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## Not proportional to w

A week ago I was surprised to read on Thomas Lumley’s Biased and Inefficient blog that when using R’s `sample()`

function without replacement and with unequal probabilities of individual units being sampled:

“What R currently has is sequential sampling: if you give it a set of priorities w it will sample an element with probability proportional to w from the population, remove it from the population, then sample with probability proportional to w from the remaining elements, and so on. This is useful, but a lot of people don’t realise that the probability of element i being sampled is not proportional to w_i”

This surprised me profoundly – in the way that Bertrand Russell once wrote of surprise in some epistemological context of getting to the bottom of the stairs and finding there was one more stair to go than you unconsciously expected. That is, I hadn’t even been consciously aware of assuming that the probability of an element being sampled is proportional to the weight given to it, but if I *had* been asked if this was the case I would have given the wrong answer (‘yes’).

So I didn’t know this, but I should have.

Thomas had some examples in his blog relating to streams of data but I wanted to see for myself. So I wrote a function to simulate sampling from a small, finite population, with equal or unequal weights. So mostly, I sampled 10 units at a time from a population of 20; and gave them weights from about 0.005 to 0.095 ( a big range). The weights are forced to add up to 1 so they can be easily compared with that element’s proportion of the eventual sample of samples. And then I take some thousands of these samples of 10, and look at the proportion of the total collection that is each element.

In the charts the follow, the brown diagonal line would be where the eventual proportion of element i being sampled is proportional to its weight. First, here is the main situation of concern – unequal weights, sampling without replacement, sample size is quite a big proportion of the population (10 out of 20):

OK! so we see the elements with low weights get sampled a bit more than naively expected, and the elements with high weights a bit less.

Just to check I’m not dreaming, here’s the same simulation but this time we are sampling *with* replacement. Now, everything works as intuitively might be expected, the eventual proportion in our sample of samples is exactly matched to the original weights:

Here’s the code for that function and those two runs of it.

When the sample is a smaller proportion of a population, the no-replacement discrepancy is less, as seen in these examples with population sizes of 50 and 250.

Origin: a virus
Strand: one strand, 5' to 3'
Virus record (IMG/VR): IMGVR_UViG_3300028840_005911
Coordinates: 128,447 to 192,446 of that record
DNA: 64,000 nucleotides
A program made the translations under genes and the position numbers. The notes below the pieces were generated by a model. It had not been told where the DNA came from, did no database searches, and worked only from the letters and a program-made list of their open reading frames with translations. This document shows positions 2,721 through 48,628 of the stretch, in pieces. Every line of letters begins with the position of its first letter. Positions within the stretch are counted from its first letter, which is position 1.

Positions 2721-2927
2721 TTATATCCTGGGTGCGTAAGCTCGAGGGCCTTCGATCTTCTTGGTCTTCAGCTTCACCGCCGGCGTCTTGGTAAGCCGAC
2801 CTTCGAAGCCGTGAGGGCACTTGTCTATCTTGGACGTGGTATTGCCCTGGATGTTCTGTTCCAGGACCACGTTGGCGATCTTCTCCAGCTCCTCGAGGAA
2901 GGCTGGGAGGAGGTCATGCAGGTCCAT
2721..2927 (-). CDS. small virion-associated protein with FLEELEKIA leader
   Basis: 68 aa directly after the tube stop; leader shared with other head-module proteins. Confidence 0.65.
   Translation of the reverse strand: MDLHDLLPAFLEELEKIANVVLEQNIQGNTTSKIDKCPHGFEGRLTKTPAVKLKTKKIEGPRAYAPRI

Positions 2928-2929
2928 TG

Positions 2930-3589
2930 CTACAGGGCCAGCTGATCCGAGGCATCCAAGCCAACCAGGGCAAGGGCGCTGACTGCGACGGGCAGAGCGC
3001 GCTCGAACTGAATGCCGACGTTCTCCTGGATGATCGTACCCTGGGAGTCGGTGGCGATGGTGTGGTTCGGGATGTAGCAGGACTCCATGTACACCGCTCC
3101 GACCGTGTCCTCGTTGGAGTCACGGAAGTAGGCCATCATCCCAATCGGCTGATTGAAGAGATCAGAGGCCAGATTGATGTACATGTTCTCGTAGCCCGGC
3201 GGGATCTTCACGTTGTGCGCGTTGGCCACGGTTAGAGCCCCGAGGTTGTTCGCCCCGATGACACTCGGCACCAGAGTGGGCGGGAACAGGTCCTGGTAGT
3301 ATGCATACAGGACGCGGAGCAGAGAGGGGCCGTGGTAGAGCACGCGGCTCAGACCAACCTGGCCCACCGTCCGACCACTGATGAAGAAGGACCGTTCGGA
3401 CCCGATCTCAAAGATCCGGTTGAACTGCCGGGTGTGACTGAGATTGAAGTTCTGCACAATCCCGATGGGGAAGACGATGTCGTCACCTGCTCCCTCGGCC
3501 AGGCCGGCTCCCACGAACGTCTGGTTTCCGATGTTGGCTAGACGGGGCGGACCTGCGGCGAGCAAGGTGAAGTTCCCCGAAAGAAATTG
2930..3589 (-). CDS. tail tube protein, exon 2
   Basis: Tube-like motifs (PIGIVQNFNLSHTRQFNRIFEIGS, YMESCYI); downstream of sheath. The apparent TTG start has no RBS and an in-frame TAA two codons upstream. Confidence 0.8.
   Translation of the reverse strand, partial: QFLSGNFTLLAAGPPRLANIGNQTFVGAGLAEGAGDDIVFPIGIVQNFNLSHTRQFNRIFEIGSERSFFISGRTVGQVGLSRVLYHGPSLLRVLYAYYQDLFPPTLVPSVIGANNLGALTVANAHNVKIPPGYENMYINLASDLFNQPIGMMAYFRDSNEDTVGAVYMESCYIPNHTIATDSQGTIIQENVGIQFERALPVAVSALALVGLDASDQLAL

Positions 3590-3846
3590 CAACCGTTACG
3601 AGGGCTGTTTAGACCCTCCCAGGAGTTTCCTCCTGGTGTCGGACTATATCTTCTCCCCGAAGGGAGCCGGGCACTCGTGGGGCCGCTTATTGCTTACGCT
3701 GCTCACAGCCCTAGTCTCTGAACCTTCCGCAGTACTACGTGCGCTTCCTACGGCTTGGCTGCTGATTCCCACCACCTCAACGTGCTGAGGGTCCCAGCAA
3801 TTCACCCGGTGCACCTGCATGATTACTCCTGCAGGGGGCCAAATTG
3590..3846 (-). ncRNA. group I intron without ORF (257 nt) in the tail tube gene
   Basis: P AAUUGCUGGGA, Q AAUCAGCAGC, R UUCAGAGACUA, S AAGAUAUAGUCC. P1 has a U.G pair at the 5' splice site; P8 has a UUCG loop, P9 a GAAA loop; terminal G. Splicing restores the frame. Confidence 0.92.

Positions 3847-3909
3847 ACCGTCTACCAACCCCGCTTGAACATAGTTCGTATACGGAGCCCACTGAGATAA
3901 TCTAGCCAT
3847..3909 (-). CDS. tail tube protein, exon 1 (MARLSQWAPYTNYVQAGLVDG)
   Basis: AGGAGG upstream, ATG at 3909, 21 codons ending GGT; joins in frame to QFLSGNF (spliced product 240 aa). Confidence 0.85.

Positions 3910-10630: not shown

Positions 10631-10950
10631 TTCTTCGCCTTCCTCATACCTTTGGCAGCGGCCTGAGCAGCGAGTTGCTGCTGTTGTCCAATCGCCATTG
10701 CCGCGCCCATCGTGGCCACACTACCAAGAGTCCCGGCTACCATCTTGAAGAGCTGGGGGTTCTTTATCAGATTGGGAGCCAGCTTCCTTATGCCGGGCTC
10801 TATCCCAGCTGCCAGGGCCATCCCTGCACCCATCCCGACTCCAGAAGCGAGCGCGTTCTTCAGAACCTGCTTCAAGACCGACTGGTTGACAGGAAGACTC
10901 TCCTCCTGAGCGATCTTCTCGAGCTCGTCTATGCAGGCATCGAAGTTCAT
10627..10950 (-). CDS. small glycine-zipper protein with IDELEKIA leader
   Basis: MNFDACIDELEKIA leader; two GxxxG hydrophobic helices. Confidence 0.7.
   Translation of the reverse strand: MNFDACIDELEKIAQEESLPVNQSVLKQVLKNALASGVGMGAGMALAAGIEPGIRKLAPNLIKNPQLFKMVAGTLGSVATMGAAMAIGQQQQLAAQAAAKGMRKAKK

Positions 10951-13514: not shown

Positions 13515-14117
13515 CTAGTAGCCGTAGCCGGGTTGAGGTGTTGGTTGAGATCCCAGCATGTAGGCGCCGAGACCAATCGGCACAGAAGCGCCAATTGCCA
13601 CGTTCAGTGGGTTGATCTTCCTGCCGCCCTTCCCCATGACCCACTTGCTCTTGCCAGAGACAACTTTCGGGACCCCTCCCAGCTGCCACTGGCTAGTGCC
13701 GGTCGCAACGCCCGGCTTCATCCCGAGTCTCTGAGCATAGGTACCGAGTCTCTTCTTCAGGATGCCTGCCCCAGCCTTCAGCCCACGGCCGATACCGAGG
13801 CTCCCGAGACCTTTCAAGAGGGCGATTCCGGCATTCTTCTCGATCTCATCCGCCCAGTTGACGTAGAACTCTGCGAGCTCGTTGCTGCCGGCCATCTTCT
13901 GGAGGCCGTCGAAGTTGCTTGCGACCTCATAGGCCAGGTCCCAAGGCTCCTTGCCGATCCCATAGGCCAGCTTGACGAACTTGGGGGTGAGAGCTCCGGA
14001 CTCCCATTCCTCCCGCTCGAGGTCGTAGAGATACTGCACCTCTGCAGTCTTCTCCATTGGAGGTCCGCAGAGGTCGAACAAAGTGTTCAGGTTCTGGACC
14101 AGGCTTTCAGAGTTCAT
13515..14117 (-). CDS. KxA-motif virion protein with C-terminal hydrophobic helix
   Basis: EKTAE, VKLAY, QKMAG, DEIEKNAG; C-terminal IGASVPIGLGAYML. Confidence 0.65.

At the extreme, if the sample size is the same size as the population (20 each in the simulation below), then of course, all samples without replacement are identical to the population, so it is impossible for the end proportion to be anything other than 1/N each:

## Brewer’s 1975 algorithm

Thomas was writing because there are plans to change this behaviour of `sample()`

, or at least add an option to change it, so instead the eventual proportion of samples containing an element will be proportional to the weight even when sampling with unequal probabilities and without replacement. The method that is going to be implemented in R (written in C of course before being hooked into R – it’s an inherently iterative thing that will only be efficient in compiled code) is based on a method published way back in 1975 by Ken Brewer.

An aside – I had the privilege and pleasure to be taught sampling by Professor Brewer back in the 1990s at the Australian National Universitiy – at least it was a pleasure at the time (sheer entertainment value as well as the pleasure of witnessing someone who was a virtuoso in the subject matter, master of the theory of sampling), and I now belatedly realise what a privilege it was. I do think he struggled occasionally with some of the students though; one of my vivid memories of my whole education at ANU was of him in confusion when one of the less mathematically inclined asked him to explain what an equation taking up a fair proportion of the blackboard “means” – “Means? means? it means what it says!”

I don’t have easy access to the 1975 paper but I found this very interesting question relating to it on Cross-Validated. From that discussion and reading the part of the SAS manual referred to, it sounds like SAS implements the algorithm only for when the sample in a given strata is 2, but Brewer had generalised his method to larger samples. The answer given by the ever-reliable StasK seems pretty clear on how this is done, so presuming he got it right I had a go at implementing this method into R, with code below in the form of two functions `P()`

and `sample_unequal()`

:

I’m not guaranteeing I got it right – feedback is welcome.

Of course, I designed this to be plugged into my function I made earlier for comparing eventual sample proportions to the weights given, so with `compare_ppswor(FUN = sample_unequal, reps = 10000)`

I can get this comparison: